Your Fundamental Guide to Hydration and Moisturization

PPCO Twist SystemEpubXpressA dry spell quelled.

If you’ve worked in the industry for five minutes or longer, we don’t have to tell you that dehydration is a major skincare issue. It’s also common knowledge that hydration is a key to antiaging regimens, which may explain why moisturizers make up the largest, most saturated skincare category. These hydrators come in all forms and are increasingly combined with SPF, primers and foundations to offer all-in-one solutions. Although clients may be inundated with a dozen potential moisturizers, do they know which to use for their skin types, and when? More than likely, the answer is no, so it’s crucial for spa pros to be able to explain exactly why our skin needs hydration help, and how to meet that end.

To uncover that information, we consulted with industry experts to glean the most necessary savoir faire when it comes to keeping clients’ complexions properly hydrated.

Why We Dry Out

Hydrated skin cells are in an anabolic state, which is extremely important to preserve as it allows the cells to repair DNA, maintain proper cellular acidity, resist bacteria and viruses, and thus function at an optimum level. “When skin is dehydrated, cells are in a catabolic state—meaning they are breaking down,” furthers Karen Asquith, director of education for G.M. Collin. “Dehydration results in oxygen starvation, DNA damage, and an inability to resist bacteria and toxic buildup in the cells. All of this leads to skin sensitivity and accelerated aging.”

Unfortunately, some dehydration is inevitable, and—similar to physical thirst—isn’t perceptible until it’s present. Dehydration in the skin can lead to: fine lines and wrinkles, flaking and scaly skin, hyperpigmentation, irritation, itching, loss of tone and sensitivity.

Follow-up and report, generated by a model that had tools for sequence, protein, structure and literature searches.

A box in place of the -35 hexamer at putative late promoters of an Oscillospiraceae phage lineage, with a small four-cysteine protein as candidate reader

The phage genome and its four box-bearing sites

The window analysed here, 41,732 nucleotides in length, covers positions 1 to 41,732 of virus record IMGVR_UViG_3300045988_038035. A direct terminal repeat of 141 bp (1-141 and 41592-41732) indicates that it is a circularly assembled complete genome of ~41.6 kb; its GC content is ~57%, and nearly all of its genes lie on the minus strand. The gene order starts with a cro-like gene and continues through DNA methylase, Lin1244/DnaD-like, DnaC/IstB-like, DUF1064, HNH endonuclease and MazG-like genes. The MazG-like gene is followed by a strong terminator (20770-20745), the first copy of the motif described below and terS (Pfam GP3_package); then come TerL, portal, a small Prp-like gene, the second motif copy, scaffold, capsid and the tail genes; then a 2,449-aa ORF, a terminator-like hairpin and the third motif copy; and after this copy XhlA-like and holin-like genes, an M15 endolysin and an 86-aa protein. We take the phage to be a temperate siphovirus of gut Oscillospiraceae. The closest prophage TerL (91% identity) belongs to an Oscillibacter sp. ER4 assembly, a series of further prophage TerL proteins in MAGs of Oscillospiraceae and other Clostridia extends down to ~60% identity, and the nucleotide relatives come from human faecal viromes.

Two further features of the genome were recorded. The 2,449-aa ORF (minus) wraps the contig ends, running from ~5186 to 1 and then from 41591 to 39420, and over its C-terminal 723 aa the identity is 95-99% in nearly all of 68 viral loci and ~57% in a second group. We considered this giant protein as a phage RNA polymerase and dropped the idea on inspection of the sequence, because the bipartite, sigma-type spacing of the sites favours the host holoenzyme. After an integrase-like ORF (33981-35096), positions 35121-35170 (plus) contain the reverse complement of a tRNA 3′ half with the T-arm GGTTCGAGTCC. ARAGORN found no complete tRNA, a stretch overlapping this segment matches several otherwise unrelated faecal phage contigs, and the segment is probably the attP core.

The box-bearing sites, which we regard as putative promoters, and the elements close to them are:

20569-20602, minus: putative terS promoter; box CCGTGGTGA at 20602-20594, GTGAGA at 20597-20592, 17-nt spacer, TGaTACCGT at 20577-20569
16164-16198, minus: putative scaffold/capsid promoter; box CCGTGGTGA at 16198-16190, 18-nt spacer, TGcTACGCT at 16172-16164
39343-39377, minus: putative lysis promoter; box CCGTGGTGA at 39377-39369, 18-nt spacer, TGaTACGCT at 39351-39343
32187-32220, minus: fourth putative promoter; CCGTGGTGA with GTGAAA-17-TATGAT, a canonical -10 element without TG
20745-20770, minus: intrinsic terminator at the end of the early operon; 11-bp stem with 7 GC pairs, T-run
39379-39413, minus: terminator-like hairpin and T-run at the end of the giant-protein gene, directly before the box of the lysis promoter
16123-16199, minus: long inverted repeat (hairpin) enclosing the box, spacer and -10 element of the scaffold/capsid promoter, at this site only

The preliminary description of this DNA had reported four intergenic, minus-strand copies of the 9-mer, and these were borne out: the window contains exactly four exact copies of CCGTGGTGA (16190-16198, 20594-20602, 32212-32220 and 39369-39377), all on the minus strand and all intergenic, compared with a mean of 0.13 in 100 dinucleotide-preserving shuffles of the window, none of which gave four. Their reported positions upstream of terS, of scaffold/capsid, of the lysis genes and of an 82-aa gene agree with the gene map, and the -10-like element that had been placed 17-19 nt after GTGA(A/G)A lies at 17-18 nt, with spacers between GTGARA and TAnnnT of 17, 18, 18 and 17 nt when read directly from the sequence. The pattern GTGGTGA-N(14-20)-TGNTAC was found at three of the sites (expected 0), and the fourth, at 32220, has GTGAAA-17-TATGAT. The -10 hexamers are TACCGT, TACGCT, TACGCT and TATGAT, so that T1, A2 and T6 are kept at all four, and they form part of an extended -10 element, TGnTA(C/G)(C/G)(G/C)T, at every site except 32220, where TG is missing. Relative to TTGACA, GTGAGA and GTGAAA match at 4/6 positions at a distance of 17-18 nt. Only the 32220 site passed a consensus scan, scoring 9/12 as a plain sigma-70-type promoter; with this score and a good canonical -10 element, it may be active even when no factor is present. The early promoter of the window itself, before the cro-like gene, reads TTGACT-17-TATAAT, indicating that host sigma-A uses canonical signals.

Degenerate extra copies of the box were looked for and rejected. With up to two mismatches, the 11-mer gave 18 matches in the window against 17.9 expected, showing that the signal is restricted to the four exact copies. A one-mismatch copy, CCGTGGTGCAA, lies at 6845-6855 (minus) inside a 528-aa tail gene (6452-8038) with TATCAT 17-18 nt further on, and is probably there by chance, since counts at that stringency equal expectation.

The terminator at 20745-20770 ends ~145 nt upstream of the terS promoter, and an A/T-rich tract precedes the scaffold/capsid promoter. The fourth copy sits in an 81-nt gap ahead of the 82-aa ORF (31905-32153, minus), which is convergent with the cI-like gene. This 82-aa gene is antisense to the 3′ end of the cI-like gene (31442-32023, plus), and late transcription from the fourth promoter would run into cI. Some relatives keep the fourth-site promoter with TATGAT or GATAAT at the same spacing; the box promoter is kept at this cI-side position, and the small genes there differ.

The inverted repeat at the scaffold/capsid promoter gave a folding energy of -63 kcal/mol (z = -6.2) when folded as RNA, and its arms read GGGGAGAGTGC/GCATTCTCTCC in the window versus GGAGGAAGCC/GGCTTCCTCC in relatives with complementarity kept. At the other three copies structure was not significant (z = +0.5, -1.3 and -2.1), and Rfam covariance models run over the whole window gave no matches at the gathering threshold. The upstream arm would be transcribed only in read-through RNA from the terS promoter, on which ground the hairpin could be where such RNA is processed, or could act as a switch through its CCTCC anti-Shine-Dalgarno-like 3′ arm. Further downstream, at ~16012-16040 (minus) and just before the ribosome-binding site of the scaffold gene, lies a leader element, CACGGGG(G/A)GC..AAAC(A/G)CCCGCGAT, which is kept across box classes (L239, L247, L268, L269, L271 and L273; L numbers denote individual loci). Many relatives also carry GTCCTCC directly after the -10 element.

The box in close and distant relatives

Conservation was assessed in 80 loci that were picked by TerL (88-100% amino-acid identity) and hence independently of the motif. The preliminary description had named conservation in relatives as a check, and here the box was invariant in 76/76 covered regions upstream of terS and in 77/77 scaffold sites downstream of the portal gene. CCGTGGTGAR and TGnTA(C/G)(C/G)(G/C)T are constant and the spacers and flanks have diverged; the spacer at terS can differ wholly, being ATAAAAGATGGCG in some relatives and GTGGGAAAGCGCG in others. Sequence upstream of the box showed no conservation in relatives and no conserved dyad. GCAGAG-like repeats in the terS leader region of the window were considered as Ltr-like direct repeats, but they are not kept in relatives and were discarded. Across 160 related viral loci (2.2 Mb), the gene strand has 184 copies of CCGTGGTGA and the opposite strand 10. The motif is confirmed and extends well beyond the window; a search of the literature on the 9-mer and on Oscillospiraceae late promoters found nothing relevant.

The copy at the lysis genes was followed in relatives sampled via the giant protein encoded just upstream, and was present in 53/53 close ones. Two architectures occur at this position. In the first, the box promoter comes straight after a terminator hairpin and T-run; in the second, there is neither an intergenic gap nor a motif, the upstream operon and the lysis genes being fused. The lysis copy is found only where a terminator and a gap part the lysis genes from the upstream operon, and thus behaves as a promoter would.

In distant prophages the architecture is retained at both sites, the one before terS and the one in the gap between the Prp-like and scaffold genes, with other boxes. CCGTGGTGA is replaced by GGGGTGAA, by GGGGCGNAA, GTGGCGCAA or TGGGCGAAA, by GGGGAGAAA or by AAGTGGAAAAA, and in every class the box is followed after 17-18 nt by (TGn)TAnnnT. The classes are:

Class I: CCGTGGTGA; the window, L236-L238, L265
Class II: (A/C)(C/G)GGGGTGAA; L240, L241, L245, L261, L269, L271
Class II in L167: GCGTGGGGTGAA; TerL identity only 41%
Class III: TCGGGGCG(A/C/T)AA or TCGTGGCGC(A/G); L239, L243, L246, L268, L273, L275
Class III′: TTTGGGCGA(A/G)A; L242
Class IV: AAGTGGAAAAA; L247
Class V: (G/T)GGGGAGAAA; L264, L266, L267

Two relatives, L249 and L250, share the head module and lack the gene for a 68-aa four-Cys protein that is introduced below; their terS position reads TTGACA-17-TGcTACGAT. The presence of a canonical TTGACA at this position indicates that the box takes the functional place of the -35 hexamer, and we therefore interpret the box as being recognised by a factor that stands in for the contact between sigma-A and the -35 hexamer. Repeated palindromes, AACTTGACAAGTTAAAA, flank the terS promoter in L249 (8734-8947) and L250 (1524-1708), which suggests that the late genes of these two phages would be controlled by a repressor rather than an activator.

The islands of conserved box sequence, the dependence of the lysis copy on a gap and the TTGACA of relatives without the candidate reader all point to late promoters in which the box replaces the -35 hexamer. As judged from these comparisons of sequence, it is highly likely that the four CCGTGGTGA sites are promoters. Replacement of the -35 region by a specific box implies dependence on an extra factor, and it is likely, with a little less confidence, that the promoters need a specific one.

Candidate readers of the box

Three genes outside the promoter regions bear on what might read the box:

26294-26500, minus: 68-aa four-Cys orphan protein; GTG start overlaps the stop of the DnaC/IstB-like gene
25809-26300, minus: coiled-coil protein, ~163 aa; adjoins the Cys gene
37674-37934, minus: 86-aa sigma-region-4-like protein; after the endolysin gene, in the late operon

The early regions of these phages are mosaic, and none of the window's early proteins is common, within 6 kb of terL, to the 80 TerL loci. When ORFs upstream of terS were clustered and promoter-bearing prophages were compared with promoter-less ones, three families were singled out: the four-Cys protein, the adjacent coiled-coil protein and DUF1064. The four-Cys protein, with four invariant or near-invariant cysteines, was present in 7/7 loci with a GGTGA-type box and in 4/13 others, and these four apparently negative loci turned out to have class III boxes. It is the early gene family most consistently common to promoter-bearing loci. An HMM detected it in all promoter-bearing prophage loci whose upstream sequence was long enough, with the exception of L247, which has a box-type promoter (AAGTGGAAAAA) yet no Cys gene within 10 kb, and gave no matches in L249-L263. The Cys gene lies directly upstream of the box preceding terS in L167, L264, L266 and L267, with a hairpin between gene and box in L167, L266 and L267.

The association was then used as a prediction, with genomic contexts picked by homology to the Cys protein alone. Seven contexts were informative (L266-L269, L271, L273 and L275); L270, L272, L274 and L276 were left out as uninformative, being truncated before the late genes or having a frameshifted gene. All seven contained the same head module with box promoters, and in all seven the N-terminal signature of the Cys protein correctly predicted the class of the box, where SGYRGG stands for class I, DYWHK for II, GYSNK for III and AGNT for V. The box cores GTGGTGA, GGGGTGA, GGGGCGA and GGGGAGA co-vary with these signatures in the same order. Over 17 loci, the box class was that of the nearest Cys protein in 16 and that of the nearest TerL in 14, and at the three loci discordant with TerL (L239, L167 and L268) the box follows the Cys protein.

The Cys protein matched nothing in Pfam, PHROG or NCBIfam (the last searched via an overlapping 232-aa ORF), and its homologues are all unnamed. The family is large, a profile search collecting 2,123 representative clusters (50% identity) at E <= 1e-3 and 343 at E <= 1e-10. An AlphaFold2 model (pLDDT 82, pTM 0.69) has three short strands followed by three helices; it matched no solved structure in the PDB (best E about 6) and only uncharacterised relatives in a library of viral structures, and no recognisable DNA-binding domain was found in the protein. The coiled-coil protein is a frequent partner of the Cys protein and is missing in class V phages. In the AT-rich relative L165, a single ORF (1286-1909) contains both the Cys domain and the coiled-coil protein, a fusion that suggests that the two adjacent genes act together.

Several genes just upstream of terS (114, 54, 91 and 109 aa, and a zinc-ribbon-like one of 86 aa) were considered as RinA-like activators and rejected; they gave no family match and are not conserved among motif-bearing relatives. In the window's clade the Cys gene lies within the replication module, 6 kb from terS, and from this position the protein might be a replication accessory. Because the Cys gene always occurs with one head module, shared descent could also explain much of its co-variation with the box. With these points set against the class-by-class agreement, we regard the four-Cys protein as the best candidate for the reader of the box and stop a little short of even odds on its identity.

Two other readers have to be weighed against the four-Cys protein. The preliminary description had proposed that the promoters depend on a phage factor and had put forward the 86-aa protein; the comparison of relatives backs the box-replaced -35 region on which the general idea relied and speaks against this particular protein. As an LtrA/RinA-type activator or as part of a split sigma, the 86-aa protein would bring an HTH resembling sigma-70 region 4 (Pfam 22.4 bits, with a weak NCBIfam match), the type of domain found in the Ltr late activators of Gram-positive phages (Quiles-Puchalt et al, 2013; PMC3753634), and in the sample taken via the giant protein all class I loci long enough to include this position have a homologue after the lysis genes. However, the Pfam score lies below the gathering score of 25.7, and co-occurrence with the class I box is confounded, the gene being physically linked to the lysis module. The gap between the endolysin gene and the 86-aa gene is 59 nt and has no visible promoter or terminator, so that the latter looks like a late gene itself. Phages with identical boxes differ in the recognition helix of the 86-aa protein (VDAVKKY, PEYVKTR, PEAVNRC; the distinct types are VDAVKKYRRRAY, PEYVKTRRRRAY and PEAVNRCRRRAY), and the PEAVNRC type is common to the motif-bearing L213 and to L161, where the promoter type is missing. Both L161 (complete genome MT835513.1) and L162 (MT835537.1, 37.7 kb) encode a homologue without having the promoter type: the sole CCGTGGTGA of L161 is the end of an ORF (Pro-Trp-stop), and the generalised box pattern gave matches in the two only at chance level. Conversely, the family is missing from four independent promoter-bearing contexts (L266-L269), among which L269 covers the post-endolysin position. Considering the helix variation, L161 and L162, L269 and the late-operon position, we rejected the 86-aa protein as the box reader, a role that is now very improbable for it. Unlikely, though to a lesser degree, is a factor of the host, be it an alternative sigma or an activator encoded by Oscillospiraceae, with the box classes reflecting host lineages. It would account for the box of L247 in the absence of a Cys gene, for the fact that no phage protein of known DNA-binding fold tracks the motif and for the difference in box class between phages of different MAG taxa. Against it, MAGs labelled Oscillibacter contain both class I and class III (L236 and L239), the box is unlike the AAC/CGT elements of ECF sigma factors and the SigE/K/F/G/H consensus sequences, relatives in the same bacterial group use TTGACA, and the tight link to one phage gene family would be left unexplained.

Often, clients will experience these symptoms and immediately reach for heavy moisturizers, which are typically more oily and don’t necessarily contain what their skin needs. Clients on your treatment table may not understand the differentiation between having a dry skin type, meaning their skin doesn’t produce enough sebum, versus the condition of dehydration, which is caused by a variety of internal and external factors.

Not surprisingly, the top cause of dehydration is not drinking enough water. Other contributors include: aging, alcohol, caffeine, hormonal imbalances, illness, medications, overly aggressive skin care,  poor nutrition, smoking, stress, travel/altitude changes, weather and environmental factors (e.g., AC/heating, air pollutants, change in seasons, direct heat, dry climates, humidity or sun exposure).

Jordanna Antonoff, account executive with Shira Esthetics, suggests employing the “pinch test” to gauge clients’ dehydration. “After pinching, if skin goes back to its normal state slowly, it’s dehydrated,” she explains. Crêpe paper-like lines are another telltale sign, as is crinkly skin in the eye contour—more often a result of dehydration rather than lack of sleep.

One phenomenon all clients are bound to experience over time is transepidermal water loss (TEWL), a process that causes water to naturally evaporate from within. “If it’s unregulated, increases for specific reasons, or if the skin’s own barrier sealing function doesn’t perform optimally, dehydration occurs,” explains Christian Jurist, MD, medical director of global education for Pevonia. TEWL’s causes include excessive use of alkaline soaps, aggressive peeling and over-exfoliation. “In the long run,” Jurist says, “sensitivity can ensue and aging will accelerate.”

PPCO Twist SystemEpubXpress

Just Add Water?

Hydration involves far more than simply “quenching,” or moisturizing, the skin. To restore and maintain barrier function, skin needs lipids. “They hold in moisture, and surround cells to reduce intercellular gaps and better prevent TEWL,” explains Asquith, adding that skin needs both high- and low-weight lipid molecules, “as this brings moisture to both upper and lower layers of the skin.” It’s just as important to stimulate the circulation of water within skin.